Welcome to Britishbattles.com the site that gives you the battles fought by Britain and its Empire forces from the 18th Century to the end of the 19th Century, illustrated and mapped. Click on the battle you wish to view in the left margin list. The battles are listed chronologically by war. We are constantly adding new battles to the collection. Read More
  • Colonial Film Catalogue

    Colonial Film Catalogue

    Welcome to Colonial Film: Moving Images of the British Empire. This website holds detailed information on over 6000 films showing images of life in the British colonies. Over 150 films are available for viewing online. You can search or browse for films by country, date, topic, or keyword. Over 350 of the most important films in the catalogue are presented with extensive critical notes written by our academic research team. Read More
  • Erik Ringmar,

    Erik Ringmar, "The Making of the Modern World," 2017.

    This book is designed to be a ‘Day 0’ introduction to International Relations. As a beginner’s guide, it has been structured to condense the most important information into the smallest space and present that information in the most accessible way. The chapters offer a broad sweep of the basic components of International Relations and the key contemporary issues that concern the discipline. The narrative arc forms a complete circle, taking readers from no knowledge to Read More
  • Kenneth Pomeranz, The Great Divergence: China, Europe, and the Making of the Modern World Economy

    Kenneth Pomeranz, The Great Divergence: China, Europe, and the Making of the Modern World Economy

    The Great Divergence brings new insight to one of the classic questions of history: Why did sustained industrial growth begin in Northwest Europe, despite surprising similarities between advanced areas of Europe and East Asia? As Ken Pomeranz shows, as recently as 1750, parallels between these two parts of the world were very high in life expectancy, consumption, product and factor markets, and the strategies of households. Perhaps most surprisingly, Pomeranz demonstrates that the Chinese and Read More
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This section is a draft.

The rise of the sovereign state in Europe.  The connection to the new commercial world economy.  How revenues from trade made it possible for the state to establish its independence.

Medieval kings were really quite powerless. They had no proper bureaucracies at their disposal, no standing armies and few ways of raising money. In fact, there were few good roads, ports and not many large cities. What was not there, however, soon came to be constructed. From the sixteenth-century onwards the states established the rudiments of an administrative system and raised armies, both in order to fight their own peasants and in order to defend themselves against other states. Since such state-building was expensive, the search for money became a constant concern. The early-modern state was more than anything an institutional machinery designed to develop and extract resources from society. The early modern state operated much as a protection racket ― people were asked to pay taxes in return for defence, and if they refused to pay up, state officials had various unpleasant ways to make them suffer.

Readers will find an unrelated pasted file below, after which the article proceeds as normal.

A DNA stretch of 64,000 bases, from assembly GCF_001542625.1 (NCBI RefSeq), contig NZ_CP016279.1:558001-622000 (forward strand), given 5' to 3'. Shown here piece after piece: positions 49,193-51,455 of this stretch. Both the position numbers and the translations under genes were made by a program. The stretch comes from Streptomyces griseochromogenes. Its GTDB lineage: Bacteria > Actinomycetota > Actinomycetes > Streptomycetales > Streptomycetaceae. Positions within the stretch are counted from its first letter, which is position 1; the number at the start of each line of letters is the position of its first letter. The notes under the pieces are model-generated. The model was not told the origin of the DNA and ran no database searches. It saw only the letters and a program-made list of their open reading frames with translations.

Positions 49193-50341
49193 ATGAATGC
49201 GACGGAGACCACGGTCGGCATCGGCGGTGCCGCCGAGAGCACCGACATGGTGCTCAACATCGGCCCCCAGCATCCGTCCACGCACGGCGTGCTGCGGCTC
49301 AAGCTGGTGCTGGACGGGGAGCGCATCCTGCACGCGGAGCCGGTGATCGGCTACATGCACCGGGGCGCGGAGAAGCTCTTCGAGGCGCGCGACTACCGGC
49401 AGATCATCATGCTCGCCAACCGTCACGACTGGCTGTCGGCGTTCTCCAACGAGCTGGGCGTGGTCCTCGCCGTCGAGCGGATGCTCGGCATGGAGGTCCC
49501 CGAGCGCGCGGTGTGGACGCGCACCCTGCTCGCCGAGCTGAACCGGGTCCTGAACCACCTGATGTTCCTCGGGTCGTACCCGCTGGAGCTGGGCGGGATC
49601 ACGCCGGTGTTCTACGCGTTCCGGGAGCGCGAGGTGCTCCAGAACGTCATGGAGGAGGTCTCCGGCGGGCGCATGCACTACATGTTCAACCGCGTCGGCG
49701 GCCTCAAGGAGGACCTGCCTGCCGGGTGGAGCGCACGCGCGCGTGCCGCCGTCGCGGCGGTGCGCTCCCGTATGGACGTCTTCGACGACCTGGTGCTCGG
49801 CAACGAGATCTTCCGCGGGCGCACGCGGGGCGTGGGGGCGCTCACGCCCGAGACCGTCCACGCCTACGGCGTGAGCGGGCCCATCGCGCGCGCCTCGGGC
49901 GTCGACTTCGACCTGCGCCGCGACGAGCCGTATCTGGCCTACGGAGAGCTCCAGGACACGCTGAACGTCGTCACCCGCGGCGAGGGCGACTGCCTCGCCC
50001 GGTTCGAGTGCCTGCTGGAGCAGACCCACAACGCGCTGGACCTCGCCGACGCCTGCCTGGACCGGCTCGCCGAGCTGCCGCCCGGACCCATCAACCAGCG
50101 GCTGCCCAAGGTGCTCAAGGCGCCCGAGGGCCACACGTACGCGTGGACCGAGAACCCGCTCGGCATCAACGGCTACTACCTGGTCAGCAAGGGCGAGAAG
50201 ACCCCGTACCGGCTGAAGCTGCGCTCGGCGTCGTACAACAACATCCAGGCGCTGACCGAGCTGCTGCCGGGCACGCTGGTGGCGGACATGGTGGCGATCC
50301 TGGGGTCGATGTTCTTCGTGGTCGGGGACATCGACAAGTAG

Once the state had made itself sovereign by defeating both its universal and its local rivals, the only problem was that it was surrounded by other states which they too thought of themselves as a sovereign.  Since there no longer was a  all-European power that could regulate their common affairs, there was no one to keep the peace.  Each state had to look after itself, assure its own security.  They did this by establishing armies, training soldiers, building fortifications and amassing weapons.  All of this cost money of course and the search for money was the state’s constant concern.  It was with this aim in mind that the state became an active sponsor of economic activities.  It is possible to think of the state in early modern Europe as a kind of machine which locates various resources of society, mobilizes them, and eventually turns them into military hardware.  Economic development meant higher revenues from taxes and it gave the kings access to more resources which they could use in their wars.

The state was keen to encourage trade, not least since taxes on trade were a lot easier to collect than taxes on land. It was now that a search began for natural resources ― agricultural land, forests, iron and copper ore, but also manpower ― which the state might make use of. Maps were drawn up which located these resources within the country’s borders, and lists were made of births, marriages and deaths in order to better keep track of the population. Domestic industries were set up and given state subsidies, above all in military significant sectors such as metalworks and in sectors that were easy for the state to tax. In addition, various “useful sciences” were encouraged by the newly established scientific academies, and prizes were given to innovations and discoveries. In state-sponsored universities, future members of the emerging administrative class were taught how best to regulate society and assure peace and social order.